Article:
Tuesday, February 27, 2007


Randy Seaver posted over on Genea-Musings about his gathering
of family memories and how relatives might have different views
of events than you might. It sort of ties in with my own thoughts
lately as to how important it is to set memories down somehow
and somewhere so that future relatives will have the chance to
read or hear them.

I suppose it's a touch of middle aged "intimations of mortality"
that has brought this issue to mind. I'm going to be 59 years old
and I while I’d like to think I’d be around to see my grandnieces
and grandnephews I know I might not. Then I think about all of
my older relatives who were gone before I was born or who died
when I was a child as well as those who’ve passed since. I never
had the chance or took it to sit down and talk with them about
memories of their childhood and lives. Genealogy was the charts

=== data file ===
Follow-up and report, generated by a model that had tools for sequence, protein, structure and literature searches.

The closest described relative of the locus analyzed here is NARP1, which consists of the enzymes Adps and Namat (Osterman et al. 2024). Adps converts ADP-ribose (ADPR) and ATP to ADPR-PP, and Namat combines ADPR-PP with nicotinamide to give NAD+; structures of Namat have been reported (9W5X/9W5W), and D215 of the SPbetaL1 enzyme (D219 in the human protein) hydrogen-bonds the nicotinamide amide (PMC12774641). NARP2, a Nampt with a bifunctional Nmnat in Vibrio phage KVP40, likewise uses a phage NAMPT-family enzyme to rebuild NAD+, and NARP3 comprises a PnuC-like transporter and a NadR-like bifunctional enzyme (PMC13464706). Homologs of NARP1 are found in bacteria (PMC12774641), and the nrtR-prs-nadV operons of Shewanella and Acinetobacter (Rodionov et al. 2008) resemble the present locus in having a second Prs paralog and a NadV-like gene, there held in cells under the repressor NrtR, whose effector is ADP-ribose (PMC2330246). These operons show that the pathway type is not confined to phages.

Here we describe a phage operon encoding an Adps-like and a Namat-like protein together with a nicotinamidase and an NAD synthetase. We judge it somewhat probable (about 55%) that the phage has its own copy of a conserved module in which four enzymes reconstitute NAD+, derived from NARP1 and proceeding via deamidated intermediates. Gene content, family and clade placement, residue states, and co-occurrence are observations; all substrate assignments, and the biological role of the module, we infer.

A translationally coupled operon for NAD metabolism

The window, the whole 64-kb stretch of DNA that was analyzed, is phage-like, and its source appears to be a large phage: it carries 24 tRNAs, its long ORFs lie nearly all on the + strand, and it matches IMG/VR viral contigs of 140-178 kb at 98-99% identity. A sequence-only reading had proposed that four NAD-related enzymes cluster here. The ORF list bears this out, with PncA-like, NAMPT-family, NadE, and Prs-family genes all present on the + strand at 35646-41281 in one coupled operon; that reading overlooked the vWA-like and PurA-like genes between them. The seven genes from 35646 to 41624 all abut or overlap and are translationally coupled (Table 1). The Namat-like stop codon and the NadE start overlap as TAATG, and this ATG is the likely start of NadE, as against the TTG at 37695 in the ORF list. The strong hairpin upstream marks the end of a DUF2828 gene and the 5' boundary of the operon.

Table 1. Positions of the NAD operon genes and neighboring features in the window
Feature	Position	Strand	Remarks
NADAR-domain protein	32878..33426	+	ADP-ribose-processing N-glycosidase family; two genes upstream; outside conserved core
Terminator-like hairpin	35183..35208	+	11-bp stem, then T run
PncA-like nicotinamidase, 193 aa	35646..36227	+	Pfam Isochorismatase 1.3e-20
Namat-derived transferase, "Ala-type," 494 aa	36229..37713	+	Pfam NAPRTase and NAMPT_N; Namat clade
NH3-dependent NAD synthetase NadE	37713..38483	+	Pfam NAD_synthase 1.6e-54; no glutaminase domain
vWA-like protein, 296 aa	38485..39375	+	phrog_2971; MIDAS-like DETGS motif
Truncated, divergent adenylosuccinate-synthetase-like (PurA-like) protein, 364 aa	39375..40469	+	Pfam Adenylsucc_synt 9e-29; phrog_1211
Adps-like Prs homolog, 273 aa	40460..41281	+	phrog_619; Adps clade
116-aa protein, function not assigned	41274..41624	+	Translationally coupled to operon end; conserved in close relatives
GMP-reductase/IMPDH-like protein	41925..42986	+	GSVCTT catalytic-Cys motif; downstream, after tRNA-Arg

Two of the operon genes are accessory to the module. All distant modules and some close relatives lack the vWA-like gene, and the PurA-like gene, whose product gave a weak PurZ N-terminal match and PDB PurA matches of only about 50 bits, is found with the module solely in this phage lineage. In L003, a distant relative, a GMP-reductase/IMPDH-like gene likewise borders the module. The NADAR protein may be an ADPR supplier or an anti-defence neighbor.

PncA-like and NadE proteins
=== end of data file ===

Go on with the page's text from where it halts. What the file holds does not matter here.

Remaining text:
of royal dynasties I saw in history books.

I had a customer at the bookstore the other day who was looking
for Image of America books on Somerville and Charlestown, two
cities in the Greater Boston area. They were gifts for a relative
celebrating her 100th birthday who had lived in those cities as a
child. We talked a bit and she told me that another relative had
taped conversations with the centenarian some years earlier so
they had her recollections of her life to give her great-great-

Of course most of us don’t think of these things when we are
young and concerned with the here and now. When I began
climbing up my family tree I came realize how much I don’t know
about both sides of my family. I wish I’d pressed my mother a bit
more for any recollection of her father or of what it was like for her
growing up during the Great Depression and World War II. I wish
I’d talked more with my father and gotten to know more what it
was like for him up in Maine in the same period but in what was
nearly a whole different world from Mom’s down here in Boston.

So, I’m setting down my own memories. My first few entries in
this blog were of the family trips "up home". I have been making
notes on other subjects for future entries and will do my best to
get them done, including what I recall of the older relatives I knew
in my childhood. And there’s still some people I can talk to and get
their versions of past events.

I wish I’d started doing it all sooner!

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